The artist of the Bust of a Lady, Gustav Klimt, incorporates essential drawing techniques to showcase the presence of a woman in all their form.
The simple drawing belongs to a showcase sketches Klimt kept, as the muse remains unknown.
The classic sketch showcases the array of talent Gustav Klimt holds, as had graduated from the art university in Vienna and hired to paint for their national theatre. His techniques have been able to transcend through an array of styles, from detail oriented realistic portraits to mosaic modernist murals.
Yet, a common theme encompassed with the artist's masterpieces is the structure of the human presence and form in protriates.
Klimt never painted the sketch of the woman in his future career, however the drawing was held as a form of inspiration throughout his work.
Klimt was always inspired by the sexual allure the female body held, illustrating it through erotic forms within his work, later to be criticized and studies through generations. This common theme if found in over half of the artist's paintings, with his famous piece The Kiss, illustrating the woman as the focal point of the art.
The sketch of the woman illustrates a beautiful classic woman drenched in a ruffled dress that accentuates her breasts. Her body is tilted forward, pouring her breasts forward while meeting the gaze of the viewer. A similar painting to the theme of woman with their breasts exposed is by Edouard Manet, in The Blonde With Bare Breasts (1879).
This painting illustrates a beautiful blonde woman whose head is tilted to the side, yet illustrates her breast to be shown to the viewer. Both pieces hold a sexual allure to one another, as both woman acknowledge the presence of the viewer, yet arch their body to display a glimpse of their breast.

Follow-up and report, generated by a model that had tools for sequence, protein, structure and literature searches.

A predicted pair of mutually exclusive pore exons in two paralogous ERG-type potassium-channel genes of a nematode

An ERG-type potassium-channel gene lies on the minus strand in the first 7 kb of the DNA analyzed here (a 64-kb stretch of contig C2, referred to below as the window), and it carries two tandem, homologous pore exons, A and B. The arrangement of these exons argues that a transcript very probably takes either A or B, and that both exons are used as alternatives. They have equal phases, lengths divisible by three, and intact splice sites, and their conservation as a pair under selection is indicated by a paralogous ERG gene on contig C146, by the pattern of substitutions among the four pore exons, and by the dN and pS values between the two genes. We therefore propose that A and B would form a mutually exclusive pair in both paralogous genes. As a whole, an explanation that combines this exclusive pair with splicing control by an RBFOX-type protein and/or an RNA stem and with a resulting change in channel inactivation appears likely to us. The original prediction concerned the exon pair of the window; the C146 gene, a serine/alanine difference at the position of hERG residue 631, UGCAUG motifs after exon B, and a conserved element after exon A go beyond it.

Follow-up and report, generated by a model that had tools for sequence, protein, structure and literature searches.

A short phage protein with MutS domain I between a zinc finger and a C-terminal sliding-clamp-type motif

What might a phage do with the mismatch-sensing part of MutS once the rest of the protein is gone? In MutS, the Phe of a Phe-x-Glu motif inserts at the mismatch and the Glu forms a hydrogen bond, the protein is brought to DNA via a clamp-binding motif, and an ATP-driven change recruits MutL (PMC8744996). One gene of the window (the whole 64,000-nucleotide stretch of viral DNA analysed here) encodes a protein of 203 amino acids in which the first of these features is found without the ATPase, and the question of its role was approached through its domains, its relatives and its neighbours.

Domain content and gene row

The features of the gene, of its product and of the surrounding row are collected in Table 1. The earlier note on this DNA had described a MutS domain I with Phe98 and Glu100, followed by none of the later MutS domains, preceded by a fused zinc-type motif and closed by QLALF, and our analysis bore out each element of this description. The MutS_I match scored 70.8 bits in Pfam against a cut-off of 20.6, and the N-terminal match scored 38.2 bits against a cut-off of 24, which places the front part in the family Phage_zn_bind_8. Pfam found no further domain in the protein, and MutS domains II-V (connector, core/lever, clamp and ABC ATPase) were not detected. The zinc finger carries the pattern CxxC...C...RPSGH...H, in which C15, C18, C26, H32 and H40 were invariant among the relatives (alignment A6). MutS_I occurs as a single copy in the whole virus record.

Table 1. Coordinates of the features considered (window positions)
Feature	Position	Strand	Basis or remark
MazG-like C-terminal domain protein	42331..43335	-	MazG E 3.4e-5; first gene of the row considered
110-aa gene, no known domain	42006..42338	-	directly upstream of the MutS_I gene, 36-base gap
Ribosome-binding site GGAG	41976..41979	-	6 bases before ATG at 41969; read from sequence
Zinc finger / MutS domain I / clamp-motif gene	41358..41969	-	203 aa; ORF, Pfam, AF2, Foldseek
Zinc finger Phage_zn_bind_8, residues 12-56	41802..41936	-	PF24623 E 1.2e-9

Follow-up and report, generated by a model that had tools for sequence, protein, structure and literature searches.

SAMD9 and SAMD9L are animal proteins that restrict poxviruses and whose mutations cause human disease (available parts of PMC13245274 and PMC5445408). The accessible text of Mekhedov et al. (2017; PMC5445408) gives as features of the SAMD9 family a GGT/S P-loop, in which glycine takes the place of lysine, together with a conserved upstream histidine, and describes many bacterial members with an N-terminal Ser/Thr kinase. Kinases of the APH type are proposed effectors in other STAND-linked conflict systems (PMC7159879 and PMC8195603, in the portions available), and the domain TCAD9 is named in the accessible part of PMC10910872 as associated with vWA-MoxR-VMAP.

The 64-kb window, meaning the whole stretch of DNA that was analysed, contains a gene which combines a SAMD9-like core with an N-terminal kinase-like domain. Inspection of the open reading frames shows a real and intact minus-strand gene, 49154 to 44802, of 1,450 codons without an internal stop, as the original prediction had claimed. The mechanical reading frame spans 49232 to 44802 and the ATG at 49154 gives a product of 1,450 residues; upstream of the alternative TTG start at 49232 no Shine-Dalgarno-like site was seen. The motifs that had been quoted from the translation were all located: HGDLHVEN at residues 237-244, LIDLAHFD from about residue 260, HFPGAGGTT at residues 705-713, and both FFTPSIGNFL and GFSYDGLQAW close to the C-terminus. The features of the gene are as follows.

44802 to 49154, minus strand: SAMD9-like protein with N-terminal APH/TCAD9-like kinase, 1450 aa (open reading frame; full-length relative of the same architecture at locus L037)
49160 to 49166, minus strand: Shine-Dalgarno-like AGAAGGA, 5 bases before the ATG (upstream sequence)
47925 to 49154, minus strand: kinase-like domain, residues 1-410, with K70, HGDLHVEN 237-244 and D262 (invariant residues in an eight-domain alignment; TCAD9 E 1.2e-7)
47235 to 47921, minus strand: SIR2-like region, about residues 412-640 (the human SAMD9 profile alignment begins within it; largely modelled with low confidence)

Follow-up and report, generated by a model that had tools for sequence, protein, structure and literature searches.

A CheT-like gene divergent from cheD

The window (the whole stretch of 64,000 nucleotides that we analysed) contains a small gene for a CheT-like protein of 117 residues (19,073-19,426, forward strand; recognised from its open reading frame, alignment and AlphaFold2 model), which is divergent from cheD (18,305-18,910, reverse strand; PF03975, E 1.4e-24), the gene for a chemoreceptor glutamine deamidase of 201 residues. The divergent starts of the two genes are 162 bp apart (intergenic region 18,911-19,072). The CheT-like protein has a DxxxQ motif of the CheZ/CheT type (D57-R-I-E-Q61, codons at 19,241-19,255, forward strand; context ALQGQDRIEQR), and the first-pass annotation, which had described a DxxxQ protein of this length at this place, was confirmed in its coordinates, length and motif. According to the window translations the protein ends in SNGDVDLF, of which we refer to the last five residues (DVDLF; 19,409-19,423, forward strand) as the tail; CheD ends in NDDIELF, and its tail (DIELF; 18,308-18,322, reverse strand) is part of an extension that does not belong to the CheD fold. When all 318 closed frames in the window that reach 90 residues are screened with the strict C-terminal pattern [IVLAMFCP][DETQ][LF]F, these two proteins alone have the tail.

Again both woman within Manet's painting, and Klimt's sketch are engulfed in ruffles, to showcase the texture of their bare skin. The sophisticated angles that the woman is placed in bring the viewer to question the history behind the work.
The woman within the Bust of a Lady has her hair is pinned up in a tall hairstyle, as Klimt accentuates her lush curls. The woman's eyebrows hold the classic arched shape Klimt drew, accompanied by small lips and a rounded face.
The sketch neither remains finished nor unfinished, yet instead was most likely used for Klimt to showcase his inspiration and work on his technique. The piece is neither detail oriented, however emphasizes rich curls and ruffles within the woman's hair and clothing.
The drawing will remain as part of an array of sketches found upon Klimt's death. The quick sketch of inspiration carries an immense number of details, acquired through endless number of years painting. Gustav Klimt's work will transform the style of artists in years to come, opening the gates to different form of methods and techniques.